Whether R~ (R~), who attended the American School of Doha as a full-time student,
could be considered a full-time student at a secondary school for the period of February
2016 through June 2016 and, therefore, entitled to student benefits on the record
of her mother, C~ (the NH).
Qatar, the law of the jurisdiction in which the school is located, recognizes R~’s
school as an Educational Institution. Based on the evidence provided, R~ met the additional
requirements for student benefits. Therefore, she may be considered a full-time secondary
school student from the period from February 2016 through June 2016.
The NH, who is R~’s mother, began receiving Social Security Disability Benefits in
March 2012. R~, who was born on February XX, 1998, began receiving Auxiliary Benefits
on her mother’s record in October 2012. R~attended the American School of Doha as
a full time student. R~’s school year began in August 2015 and ended in June 2016.
R~ completed a Student’s Statement Regarding School Attendance on January XX, 2016.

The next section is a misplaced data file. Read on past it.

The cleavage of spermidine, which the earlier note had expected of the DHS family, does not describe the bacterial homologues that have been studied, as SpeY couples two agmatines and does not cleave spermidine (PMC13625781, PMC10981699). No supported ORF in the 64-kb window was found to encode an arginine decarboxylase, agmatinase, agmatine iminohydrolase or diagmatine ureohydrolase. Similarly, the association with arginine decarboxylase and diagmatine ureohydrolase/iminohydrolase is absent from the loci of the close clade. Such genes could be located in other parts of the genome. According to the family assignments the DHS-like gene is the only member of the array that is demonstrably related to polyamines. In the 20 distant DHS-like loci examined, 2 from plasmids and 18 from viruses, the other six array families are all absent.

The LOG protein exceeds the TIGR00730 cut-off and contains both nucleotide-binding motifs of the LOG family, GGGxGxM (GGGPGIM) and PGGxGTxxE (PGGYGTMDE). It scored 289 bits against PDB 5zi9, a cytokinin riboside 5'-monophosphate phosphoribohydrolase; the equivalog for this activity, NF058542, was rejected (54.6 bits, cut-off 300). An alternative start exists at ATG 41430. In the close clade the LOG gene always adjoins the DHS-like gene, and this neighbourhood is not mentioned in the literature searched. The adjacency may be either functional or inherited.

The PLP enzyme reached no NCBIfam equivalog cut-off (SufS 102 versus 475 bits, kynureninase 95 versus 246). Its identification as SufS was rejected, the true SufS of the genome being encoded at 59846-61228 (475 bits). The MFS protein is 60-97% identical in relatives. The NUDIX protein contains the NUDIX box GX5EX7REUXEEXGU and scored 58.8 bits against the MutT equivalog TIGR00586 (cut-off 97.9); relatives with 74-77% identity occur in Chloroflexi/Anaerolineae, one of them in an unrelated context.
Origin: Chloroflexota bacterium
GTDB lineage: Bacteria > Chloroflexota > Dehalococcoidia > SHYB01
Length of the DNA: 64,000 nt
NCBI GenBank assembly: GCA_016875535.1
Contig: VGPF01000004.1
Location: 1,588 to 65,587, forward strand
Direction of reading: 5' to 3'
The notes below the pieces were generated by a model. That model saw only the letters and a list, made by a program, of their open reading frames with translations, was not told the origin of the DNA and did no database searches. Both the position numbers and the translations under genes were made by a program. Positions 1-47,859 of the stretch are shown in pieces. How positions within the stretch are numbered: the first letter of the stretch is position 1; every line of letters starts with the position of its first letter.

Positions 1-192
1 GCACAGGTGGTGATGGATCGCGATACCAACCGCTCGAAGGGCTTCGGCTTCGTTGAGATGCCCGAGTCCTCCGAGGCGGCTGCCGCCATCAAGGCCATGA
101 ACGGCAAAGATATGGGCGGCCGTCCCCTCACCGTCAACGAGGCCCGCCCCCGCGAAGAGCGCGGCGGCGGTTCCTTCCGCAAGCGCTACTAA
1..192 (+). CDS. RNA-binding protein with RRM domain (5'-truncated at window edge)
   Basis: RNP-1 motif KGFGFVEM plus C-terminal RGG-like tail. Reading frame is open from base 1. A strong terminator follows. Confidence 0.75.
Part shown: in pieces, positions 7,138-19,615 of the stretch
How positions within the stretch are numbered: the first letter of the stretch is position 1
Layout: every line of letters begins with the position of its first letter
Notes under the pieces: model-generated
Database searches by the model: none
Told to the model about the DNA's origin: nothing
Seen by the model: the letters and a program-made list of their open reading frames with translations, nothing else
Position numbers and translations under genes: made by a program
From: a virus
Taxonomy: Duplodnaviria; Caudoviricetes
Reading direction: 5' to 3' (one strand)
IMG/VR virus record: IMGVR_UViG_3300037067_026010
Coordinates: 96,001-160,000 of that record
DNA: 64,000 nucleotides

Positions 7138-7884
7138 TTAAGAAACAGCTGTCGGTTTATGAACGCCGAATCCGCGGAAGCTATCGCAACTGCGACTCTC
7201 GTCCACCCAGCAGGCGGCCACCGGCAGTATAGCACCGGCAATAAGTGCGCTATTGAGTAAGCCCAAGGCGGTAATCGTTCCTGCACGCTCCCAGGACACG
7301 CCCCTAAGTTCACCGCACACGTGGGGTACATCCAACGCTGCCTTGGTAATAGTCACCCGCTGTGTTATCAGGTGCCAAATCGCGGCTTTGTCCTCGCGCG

She indicated she attended 35 hours per week of high school courses and expected to
graduate in June 2016. On January XX, 2016, the registrar of the American School of
Doha certified that R~ was enrolled at this institution and the course of study was
at least 13 weeks of duration.
The American School of Doha’s website regarding the high school noted that they offer
an American college preparatory system with Advanced Placement courses and International
Baccalaureate Diploma Program. To graduate, students must complete 25 units of credits
and at least 40 hours of community service. The school day runs from 8:00 am to 3:00
pm five days a week, with early dismissal on Tuesdays.
Social Security Laws, Regulations, and Policy
Under the Social Security Act (Act), an individual may continue to receive child’s
benefits past the age of 18 if she is a full-time elementary or secondary school student.
See Act § 202(d) (1)(E); 42 U.S.C. § 402(d)(1)(E). To be eligible, the individual must:
meet the requirements for child’s benefits; attain age 18; be in full-time attendance;
attend an Educational Institution; and not have attained age 19. Program Operations
Manual System (POMS) RS 00205.001. The Act defines a full-time elementary or secondary school student as: “an individual